companies--actually, while working for several of these companies. And the
title track is called "I Died Today." And we'll hear your father, Rodd Keith,
singing and at the keyboard.

(Soundbite from "I Died Today")

Mr. RODD KEITH: (Singing) It was a dark and a rainy night. My headlights
were really too bright. I was thinking of my kids and of my darling wife. My
sales were down, my pay was small, and I needed money bad. I couldn't pay the
mortgage to even keep the things we had. Then through the night there came a
light. A hobo wanted a ride. I brought my old car to a stop. He got in by
my side. We continued on, just we two. His presence seemed to calm my
nerves. But the road was wet and my vision blurred, and I didn't see the
curve. When I awoke, I saw the flames and the people through the trees. I
knew from their conversation they thought the hobo was me.

BOGAEV: That's "I Died Today," the title track from a compilation of Rodd
Keith's recordings, produced by his son, Ellery Eskelin. We'll continue
Terry's 1996 conversation with Eskelin after a break. This is FRESH AIR.

(Soundbite of music)

BOGAEV: If you're just joining us, we're celebrating Father's Day on FRESH
AIR. Let's get back to Terry's interview with Ellery Eskelin, son of
composer-for-hire Rodd Keith.

(Soundbite of interview)

GROSS: Now your father was sent lyrics that were supposed to fit into every
genre, so he had to write songs around every genre--dance crazes, novelties,
romantic ballads, patriotic anthems.

Mr. ESKELIN: Right.

GROSS: Let's hear one of the kind of hippie dance tunes that he did. This is
something called "Hippie Happy Land."

Mr. ESKELIN: Right.

GROSS: And again, he's singing and, I guess, on keyboards. Anything that you
know about this song or any feelings that you have about it?

Mr. ESKELIN: Again, just that I would--as is the case with most of these
songs, you know, they're just sort of what they are, but I think Rodd really
brings to each one a surprising little twist or just a little bit more than
you might expect from these proceedings, if you will. When you listen to the
words, sometimes they can be funny or even a little inane, but he really
brings himself to it with a lot of vigor and a hundred percent of himself,
even if it might be a little tongue-in-cheek. And, you know, that's certainly
the case with this one.

GROSS: Let's hear it. This is "Hippie Happy Land."

(Soundbite of "Hippie Happy Land")

Mr. KEITH: (Singing) We're a hippy happy family, now shake the hips for me.
Now hop and skip and twirl your girl. We're living in a happy hippie happy
world. We're a hippie happy family, now shake those hips for me. Now hop and
skip and a-twist your girl. We're living in a hippie happy world. What are
those hippies asking me? The funny-looking folks you see with their heavy,
thick beards and their wavy long hair. Well, that's the life for me.

GROSS: Now you never really knew your father. Your parents separated when
you were very young...

Mr. ESKELIN: Yeah.

GROSS: ...and your father stayed in Los Angeles. You and your parents moved
to Baltimore, I believe?

Mr. ESKELIN: Mm-hmm, that's where my mother is originally from.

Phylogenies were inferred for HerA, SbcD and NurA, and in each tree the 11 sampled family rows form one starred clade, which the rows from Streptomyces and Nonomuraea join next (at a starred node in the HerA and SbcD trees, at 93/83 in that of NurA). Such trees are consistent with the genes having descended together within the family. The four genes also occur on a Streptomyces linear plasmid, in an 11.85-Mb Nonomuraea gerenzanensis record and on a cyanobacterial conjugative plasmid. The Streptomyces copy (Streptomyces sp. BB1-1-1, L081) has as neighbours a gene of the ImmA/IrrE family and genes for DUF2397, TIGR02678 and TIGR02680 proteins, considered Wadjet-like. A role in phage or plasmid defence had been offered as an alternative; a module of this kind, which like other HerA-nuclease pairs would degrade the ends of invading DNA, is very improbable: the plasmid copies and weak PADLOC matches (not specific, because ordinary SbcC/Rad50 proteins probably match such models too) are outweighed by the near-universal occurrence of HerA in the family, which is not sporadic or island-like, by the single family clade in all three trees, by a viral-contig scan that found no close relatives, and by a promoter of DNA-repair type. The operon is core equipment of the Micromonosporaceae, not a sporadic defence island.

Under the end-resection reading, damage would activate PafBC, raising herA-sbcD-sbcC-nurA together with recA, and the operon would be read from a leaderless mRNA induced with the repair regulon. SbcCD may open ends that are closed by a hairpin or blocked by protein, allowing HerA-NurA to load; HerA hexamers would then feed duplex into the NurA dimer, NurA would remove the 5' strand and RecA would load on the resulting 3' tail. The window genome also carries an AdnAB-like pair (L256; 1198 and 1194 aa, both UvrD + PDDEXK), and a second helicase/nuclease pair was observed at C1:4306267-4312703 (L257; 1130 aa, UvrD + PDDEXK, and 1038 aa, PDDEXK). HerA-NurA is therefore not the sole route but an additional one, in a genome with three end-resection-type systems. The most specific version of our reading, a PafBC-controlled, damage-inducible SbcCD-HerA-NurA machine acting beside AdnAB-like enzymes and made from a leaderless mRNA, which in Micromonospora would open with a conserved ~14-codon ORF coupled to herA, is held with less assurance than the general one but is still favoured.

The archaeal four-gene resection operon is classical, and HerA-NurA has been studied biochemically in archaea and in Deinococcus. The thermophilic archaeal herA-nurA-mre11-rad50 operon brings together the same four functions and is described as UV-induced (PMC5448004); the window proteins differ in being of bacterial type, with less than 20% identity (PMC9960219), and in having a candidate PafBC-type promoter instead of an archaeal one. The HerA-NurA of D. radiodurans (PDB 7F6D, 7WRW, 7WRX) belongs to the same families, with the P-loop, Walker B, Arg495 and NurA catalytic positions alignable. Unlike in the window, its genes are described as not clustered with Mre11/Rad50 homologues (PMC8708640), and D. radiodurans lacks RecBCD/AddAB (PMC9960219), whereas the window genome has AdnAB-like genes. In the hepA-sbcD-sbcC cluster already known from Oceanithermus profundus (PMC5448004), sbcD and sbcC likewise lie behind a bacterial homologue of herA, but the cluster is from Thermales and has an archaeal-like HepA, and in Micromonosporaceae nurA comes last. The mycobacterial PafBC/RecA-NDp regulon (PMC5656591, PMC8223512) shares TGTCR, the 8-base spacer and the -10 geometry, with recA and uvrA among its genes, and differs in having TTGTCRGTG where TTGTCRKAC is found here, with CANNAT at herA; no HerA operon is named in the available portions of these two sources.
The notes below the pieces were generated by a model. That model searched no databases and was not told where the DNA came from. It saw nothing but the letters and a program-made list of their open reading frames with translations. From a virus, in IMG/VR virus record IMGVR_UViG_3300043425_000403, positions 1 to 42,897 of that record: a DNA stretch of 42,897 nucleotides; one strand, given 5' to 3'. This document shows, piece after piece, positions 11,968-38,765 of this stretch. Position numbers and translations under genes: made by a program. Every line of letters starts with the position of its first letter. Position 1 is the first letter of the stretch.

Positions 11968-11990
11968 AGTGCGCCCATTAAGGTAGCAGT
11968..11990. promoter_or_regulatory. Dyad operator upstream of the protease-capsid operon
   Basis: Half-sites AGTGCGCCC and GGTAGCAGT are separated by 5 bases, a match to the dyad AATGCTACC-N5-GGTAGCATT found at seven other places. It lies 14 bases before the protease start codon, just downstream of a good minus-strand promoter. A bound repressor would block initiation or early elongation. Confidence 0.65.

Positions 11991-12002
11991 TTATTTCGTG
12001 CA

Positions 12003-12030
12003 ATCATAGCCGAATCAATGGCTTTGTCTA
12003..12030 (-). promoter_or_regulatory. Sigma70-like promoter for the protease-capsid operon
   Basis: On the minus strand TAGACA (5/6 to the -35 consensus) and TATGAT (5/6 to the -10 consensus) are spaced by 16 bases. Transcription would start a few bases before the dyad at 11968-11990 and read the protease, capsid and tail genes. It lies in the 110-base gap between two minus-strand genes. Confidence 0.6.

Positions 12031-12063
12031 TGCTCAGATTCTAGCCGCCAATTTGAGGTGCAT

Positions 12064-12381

GROSS: So in a way, I mean, the only information you have about your father
is what relatives have told you and what you've heard from these records.

Mr. ESKELIN: Yeah.

GROSS: Have these records changed your idea of who your father was?

Mr. ESKELIN: I guess they haven't changed it so much. I think they represent
an accurate, if only partial, picture of who he was. When I was growing up, I
was told many, many stories of my father's talents and idiosyncrasies. He was
described as being quite the charming eccentric. And as I became serious
about music myself and began playing saxophone at age 10, these stories really
started to have a profound effect on me. Unfortunately, Rodd died in 1974
very tragically, and before I ever had a chance to really make his
acquaintance or communicate with him in much of any way, you know, it was
over. So I've had these stories as part of my life now.

I'm 37, and this music has recently come to my attention only in the last
maybe two years. I was aware that Rodd did this kind of stuff, and I had even
heard a few examples when I was a teen-ager, and at the time, I wasn't that
impressed because it just didn't seem to sort of coincide with the sort of
genius that everyone had been talking about. But now that I've heard so many
of them and I can put them in a context of just exactly what the nature of the
business was and just imagine what it must have taken to be able to accomplish
the task, I'm actually quite impressed. He had to have been quite an
imaginative guy, I think, to be able to do as many of these things off the top
of his head, is the way I'm told that he could do them. It was just almost

GROSS: Well, as I said before, he wrote in all kinds of genres--novelty dance
tunes like "Do The Pig" and "Do the Turkey" and romantic...

Mr. ESKELIN: Right.

GROSS: ...ballads. There's even a patriotic anthem that you have on the new
record called "I Am a Real American."

And for listeners just joining us, again, my guest is Ellery Eskelin, and he's
a jazz musician. His father, who died in 1974, specialized in setting other
people's lyrics to music, and he basically worked at a house where this is
what they did. They advertised in the backs of magazines and asked people to
send in their poems and lyrics, and they'd tell you professional musicians
would set it to music and mail the results back to you.

So here's one of the results. This is a lyric that was mailed to your father,
"I Am a Real American," and we'll hear your father doing the voice on that.

(Soundbite of "I Am a Real American")

Mr. KEITH: (Singing) First of all, allow me to make myself perfectly clear.
Dear Lord, help us to love each other instead of beer. I believe in the